To be sure, the law can bear a little indeterminacy. But we should not expect a judicially created defense to be so complicated that a court needs extensive fact-finding just to determine if an exception to that defense is implicated. And certainty is especially important in an area like this one where even the prospect of liability has the effect of chilling constitutionally protected speech. See Glynn Lunney, Trademark's Judicial De-Evolution: Why Courts Get Trademark Cases Wrong Repeatedly, 106 Calif. L. Rev. 1195, 1201 (2018).

On top of this indeterminacy problem, there is the added problem that the title-versus-title exception—even where it clearly applies—merely duplicates other aspects of the test for Lanham Act liability. See Empire, 875 F.3d at 1197. The title-versus-title exception to the Rogers defense asks whether a title is “confusingly similar” to another title. But, as explained above, the Rogers test itself asks whether the artistic use of a trademark “explicitly misleads as to the source or content of the work.” And liability under the Lanham Act turns on a seven-factor likelihood-of-confusion test that asks whether the defendant “adopted a mark or name that was the same, or confusingly similar to [the plaintiff's] mark.” Tana v. Dantanna's, 611 F.3d 767, 773-75 (11th Cir. 2010) (emphasis added).

Here, as the Court notes in footnote 4, the district court applied the title-to-title exception. But, in doing so, it simply followed the test for liability under the Lanham Act, asking whether the two marks are confusingly similar under our seven-part likelihood-of-confusion test. I don't fault the district court for its efforts to make sense of the title-versus-title exception. But the problem with this analysis is obvious. It cannot be that a defense against Lanham Act liability fails simply because a defendant would otherwise be liable under the Lanham Act. If proving a defense requires disproving liability, it is no defense at all.


The bottom line is that we should not adopt the title-versus-title exception to the Rogers test. That exception is inconsistent with First Amendment principles, and it is difficult to apply in any logical way. Accordingly, in an appropriate case in which this issue is dispositive, this Court should join the Ninth Circuit in rejecting the title-versus-title exception to Rogers.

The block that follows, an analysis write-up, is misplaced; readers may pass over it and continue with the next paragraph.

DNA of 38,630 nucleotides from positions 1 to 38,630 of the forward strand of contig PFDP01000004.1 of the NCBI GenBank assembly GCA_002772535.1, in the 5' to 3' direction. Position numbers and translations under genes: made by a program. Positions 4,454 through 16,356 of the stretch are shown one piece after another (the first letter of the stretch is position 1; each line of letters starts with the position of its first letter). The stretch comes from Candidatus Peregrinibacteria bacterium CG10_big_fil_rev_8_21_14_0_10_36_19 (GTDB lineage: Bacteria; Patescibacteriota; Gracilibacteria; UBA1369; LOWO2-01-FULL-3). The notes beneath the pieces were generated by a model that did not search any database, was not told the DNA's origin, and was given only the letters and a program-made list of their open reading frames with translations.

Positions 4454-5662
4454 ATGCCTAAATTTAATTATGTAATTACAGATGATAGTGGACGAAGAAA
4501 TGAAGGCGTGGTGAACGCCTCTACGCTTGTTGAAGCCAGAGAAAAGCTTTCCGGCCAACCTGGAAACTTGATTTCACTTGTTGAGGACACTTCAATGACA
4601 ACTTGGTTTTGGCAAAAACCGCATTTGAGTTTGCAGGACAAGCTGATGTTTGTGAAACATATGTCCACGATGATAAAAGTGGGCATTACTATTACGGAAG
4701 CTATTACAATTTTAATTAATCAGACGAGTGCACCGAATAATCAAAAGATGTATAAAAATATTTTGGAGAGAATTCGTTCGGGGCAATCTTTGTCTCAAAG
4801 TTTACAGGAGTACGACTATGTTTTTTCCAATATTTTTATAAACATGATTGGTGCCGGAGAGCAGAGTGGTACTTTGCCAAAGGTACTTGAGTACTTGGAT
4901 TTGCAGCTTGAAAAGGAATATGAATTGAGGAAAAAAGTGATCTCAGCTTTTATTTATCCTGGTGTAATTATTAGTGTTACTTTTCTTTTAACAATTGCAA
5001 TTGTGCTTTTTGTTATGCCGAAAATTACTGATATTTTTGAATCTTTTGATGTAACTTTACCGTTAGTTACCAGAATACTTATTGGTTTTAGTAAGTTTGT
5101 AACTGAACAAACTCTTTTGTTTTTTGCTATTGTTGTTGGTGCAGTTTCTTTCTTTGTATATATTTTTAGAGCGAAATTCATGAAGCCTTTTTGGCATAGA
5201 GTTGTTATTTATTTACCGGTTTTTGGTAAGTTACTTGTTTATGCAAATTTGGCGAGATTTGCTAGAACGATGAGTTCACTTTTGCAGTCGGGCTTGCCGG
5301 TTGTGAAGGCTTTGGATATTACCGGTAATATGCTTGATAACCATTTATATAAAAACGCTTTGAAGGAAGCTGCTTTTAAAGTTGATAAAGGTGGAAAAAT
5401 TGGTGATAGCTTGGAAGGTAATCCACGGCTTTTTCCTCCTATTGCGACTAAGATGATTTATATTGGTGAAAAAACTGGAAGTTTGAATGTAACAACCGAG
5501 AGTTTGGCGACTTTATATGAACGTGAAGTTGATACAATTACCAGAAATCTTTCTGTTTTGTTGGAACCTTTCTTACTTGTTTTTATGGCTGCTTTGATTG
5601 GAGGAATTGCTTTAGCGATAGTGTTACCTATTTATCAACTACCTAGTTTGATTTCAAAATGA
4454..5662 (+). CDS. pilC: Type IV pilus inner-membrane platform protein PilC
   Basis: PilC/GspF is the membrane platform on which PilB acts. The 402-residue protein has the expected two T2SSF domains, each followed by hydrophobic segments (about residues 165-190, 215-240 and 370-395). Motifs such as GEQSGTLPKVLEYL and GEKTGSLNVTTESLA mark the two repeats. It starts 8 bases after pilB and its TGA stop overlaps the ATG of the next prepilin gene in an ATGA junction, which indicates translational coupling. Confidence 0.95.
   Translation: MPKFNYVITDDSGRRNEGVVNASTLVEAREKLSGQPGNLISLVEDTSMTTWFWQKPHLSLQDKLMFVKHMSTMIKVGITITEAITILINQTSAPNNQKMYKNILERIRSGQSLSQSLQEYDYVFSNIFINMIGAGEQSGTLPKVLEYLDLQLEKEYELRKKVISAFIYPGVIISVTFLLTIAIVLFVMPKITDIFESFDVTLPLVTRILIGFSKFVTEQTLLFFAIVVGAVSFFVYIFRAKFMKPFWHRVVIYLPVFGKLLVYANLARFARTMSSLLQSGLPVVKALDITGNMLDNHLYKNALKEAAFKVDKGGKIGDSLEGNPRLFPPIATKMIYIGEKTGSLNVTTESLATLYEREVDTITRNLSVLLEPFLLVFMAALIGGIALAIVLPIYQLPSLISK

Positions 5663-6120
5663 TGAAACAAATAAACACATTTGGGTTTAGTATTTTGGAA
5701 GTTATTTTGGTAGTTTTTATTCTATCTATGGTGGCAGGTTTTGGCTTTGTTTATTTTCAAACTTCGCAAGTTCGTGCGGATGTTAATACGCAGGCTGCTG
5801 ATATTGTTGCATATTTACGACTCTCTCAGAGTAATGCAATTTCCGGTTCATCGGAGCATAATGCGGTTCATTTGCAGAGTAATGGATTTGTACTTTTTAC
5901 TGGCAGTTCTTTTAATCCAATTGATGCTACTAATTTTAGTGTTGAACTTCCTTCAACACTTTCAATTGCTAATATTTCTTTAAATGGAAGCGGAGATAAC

1.   Food n’ Fun at the Flora-Bama features recipes by the owners, musicians, songwriters, bartenders, and others from the Lounge. Bushwhacked at the Flora-Bama recounts tales from the Lounge. If the Flora-Bama Walls Could Talk: If the Walls Could Talk discusses the graffiti in the Lounge.

2.   The parties assume, as did the district court, that the Florida courts would adopt the same trademark principles as the federal courts in applying the Lanham Act. So will we. Thus, like the Plaintiffs, we will not discuss their state law claims separate from their Lanham Act trademark infringement claims.

3.   Plaintiffs themselves appear to admit this: “The Flora-Bama Lounge and the ‘Flora-Bama’ trademark ha[ve] been celebrated and featured in the titles of various artistic works, including works in film, television, videos, radio, books, and song.” At oral argument, Plaintiffs’ counsel acknowledged that Plaintiffs do not own any interest in songs with Flora-Bama in the title.

4.   For completeness, we note that the district court applied the exception because Plaintiffs occasionally allowed third parties, like Kenny Chesney, to use “Flora-Bama” in the title to songs, books, and concerts. Still, the district court granted summary judgment to Defendants, finding that the First Amendment interests outweighed any likelihood of confusion.Here though, we affirm the district court's grant of summary judgment based on the Rogers two-part test. Waldman v. Conway, 871 F.3d 1283, 1289 (11th Cir. 2017) (“We may affirm on any ground supported by the record, regardless of whether that ground was relied upon or even considered below.”). Further, nothing herein shall be construed as expressing any opinion as to whether we adopt or reject the confusingly similar titles exception.

Hull, Circuit Judge: